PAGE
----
After years of being everyone’s favorite flying reptiles with leathery or membrane-covered wings and bodies, pterosaurs are suddenly becoming more like the creatures that replaced them – birds. First came the discovery that the “wing lizards" (from the Greek pteron and sauros) had hair-like filaments known as pycnofibers on their heads and torsos. Now comes new evidence that pterosaurs had both short wiry hair-like feathers and fluffy branched feathers like modern birds … with one species actually being able to control the color of their feathers using melanin pigments. This may not change everything, but it definitely changes a few dinosaur movies.
“In their very earliest forms, feathers were colored … presumably for signaling.”
Paleobiologist Maria McNamara of University College Cork is the lead author of “Pterosaur melanosomes support signaling functions for early feathers,” a study published this week in the journal Nature. McNamara tells Science magazine she has long believed pterosaurs had feathers but, because feather fossils almost never survive, had little evidence. A few years ago in Brussels, she was invited to view a private collector’s partial skull of a Tupandactylus imperator, a Brazilian pterosaur known for an enormous sail-like crest on its head. When she was finally able to study it, McNamara and her colleagues found the pterosaur had two types of feathers, including branched feathers similar to modern birds. If confirmed, this pushes the emergence of feathers back 100 million years to 250 million years ago -- a huge difference in timeframes. And that wasn’t the big news.
As explained in an NBC News report, the researchers used a high-powered electron microscope to examine the feathers and found preserved melanosomes (organelles or cellular organs found in animal cells which synthesize, store and transport melanin) – a first for a pterosaur and an indicator that they were genetically linked to birds and that the feathers were multicolored. Ironically, the feathers were too small to play a part in flying – instead, they regulated body and did something completely unexpected.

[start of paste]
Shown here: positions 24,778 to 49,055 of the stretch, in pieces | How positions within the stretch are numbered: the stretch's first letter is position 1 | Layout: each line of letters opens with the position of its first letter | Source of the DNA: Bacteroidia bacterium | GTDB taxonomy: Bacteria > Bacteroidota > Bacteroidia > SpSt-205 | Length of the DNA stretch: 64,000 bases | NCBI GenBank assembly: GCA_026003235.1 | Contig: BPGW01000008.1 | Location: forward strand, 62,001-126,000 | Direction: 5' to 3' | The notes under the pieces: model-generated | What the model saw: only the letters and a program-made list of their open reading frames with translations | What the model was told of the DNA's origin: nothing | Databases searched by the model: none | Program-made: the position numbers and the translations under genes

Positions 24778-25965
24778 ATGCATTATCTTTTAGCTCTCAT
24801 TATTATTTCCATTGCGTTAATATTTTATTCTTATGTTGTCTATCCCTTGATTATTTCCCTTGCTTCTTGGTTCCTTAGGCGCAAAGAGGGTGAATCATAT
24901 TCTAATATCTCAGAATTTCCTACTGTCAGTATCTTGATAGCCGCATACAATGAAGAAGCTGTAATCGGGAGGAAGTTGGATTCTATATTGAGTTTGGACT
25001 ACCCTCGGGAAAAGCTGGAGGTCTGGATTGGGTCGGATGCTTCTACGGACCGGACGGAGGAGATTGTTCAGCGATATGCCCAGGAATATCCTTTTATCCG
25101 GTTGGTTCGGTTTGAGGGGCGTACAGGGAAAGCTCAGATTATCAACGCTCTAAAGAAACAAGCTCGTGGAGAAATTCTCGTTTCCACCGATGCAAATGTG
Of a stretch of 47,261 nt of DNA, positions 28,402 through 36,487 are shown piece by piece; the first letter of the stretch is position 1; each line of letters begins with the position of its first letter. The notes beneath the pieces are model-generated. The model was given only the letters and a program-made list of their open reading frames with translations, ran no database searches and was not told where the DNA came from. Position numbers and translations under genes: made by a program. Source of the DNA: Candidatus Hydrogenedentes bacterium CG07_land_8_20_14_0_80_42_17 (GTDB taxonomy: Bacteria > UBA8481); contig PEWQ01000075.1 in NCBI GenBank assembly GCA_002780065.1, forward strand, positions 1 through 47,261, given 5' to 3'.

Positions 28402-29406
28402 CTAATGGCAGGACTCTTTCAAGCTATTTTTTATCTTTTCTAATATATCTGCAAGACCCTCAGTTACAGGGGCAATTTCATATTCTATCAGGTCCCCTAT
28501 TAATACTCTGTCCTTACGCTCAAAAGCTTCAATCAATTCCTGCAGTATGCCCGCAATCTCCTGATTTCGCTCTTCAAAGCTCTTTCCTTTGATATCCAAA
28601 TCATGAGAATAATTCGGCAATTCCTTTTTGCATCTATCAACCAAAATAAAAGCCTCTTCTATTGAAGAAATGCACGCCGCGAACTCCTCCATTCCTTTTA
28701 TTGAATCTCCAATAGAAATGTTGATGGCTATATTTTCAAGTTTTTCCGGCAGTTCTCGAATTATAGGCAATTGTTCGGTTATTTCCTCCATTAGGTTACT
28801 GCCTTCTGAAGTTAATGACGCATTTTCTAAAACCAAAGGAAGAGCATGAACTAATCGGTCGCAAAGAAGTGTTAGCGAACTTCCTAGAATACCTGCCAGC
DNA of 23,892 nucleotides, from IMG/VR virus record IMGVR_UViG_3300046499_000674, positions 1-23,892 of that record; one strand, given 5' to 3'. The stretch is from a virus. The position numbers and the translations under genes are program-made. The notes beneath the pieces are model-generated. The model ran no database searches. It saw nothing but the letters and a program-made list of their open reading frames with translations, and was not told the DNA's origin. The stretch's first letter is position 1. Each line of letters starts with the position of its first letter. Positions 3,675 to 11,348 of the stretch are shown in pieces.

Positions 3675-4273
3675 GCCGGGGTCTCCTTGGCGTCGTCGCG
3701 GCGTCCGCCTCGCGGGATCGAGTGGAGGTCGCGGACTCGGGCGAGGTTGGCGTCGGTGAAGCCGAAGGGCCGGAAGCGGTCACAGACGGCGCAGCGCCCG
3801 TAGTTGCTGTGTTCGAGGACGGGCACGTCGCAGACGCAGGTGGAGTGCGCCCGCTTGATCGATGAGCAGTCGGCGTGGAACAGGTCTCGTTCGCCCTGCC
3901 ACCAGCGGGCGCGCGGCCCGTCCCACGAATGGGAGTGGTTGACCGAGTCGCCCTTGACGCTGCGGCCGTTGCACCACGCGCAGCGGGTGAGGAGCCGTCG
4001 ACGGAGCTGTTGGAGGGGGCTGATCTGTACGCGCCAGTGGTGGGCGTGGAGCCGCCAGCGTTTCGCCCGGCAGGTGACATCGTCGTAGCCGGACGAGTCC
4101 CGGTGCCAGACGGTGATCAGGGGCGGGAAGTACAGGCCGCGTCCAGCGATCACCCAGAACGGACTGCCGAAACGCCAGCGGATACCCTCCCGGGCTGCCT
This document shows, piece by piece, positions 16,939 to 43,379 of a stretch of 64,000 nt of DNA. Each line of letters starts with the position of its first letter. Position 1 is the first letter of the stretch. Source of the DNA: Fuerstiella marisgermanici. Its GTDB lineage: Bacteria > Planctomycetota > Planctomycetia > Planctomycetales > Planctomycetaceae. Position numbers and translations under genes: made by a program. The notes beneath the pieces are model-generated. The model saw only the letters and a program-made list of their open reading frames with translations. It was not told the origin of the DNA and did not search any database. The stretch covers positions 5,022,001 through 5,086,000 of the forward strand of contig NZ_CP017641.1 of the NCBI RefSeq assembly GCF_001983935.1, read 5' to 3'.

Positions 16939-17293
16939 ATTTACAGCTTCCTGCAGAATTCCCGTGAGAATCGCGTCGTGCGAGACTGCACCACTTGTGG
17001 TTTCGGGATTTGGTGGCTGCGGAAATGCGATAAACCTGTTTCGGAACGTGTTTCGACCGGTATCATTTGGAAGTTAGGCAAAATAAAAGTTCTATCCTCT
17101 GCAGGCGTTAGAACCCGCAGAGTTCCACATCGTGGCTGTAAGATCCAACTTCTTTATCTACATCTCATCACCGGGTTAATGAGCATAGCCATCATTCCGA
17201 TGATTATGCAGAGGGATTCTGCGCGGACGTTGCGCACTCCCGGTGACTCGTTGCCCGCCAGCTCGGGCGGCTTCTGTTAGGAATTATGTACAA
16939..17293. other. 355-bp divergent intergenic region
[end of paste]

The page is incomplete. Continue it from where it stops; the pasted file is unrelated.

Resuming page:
“We think we have really good evidence here that visual communication was an important driving factor in feather evolution.”
The research indicates that some pterosaurs used their colored crests in courtship or as a means of intimidating other lesser-endowed “wing lizards.” If that’s not impressive enough, the presence of more than one type of melanosome in their feathers, indicating they could genetically control their colors – creating patterns designed for both purposes. And all of this happened long before the current accepted timeframe for the initial emergence of feathers to the Jurassic period 250 million years ago.
Not all paleontologists agree with McNamara’s conclusions on pterosaur feathers. However, to study the partial skull of a Tupandactylus imperator she analyzed, they will have to trudge to Brazil – the Royal Belgian Institute of Natural Sciences repatriated the fossil to Brazil, where it will be displayed at the Earth Sciences Museum in Rio de Janeiro. Originally found in the Araripe Basin in northeastern Brazil, it is hoped more will be discovered there, and the repatriation will convince more collectors to return poached and stolen fossils to their countries of origin.
Multicolored pterosaurs preening for potential mates – this may inspire a whole new kind of Jurassic Park movie.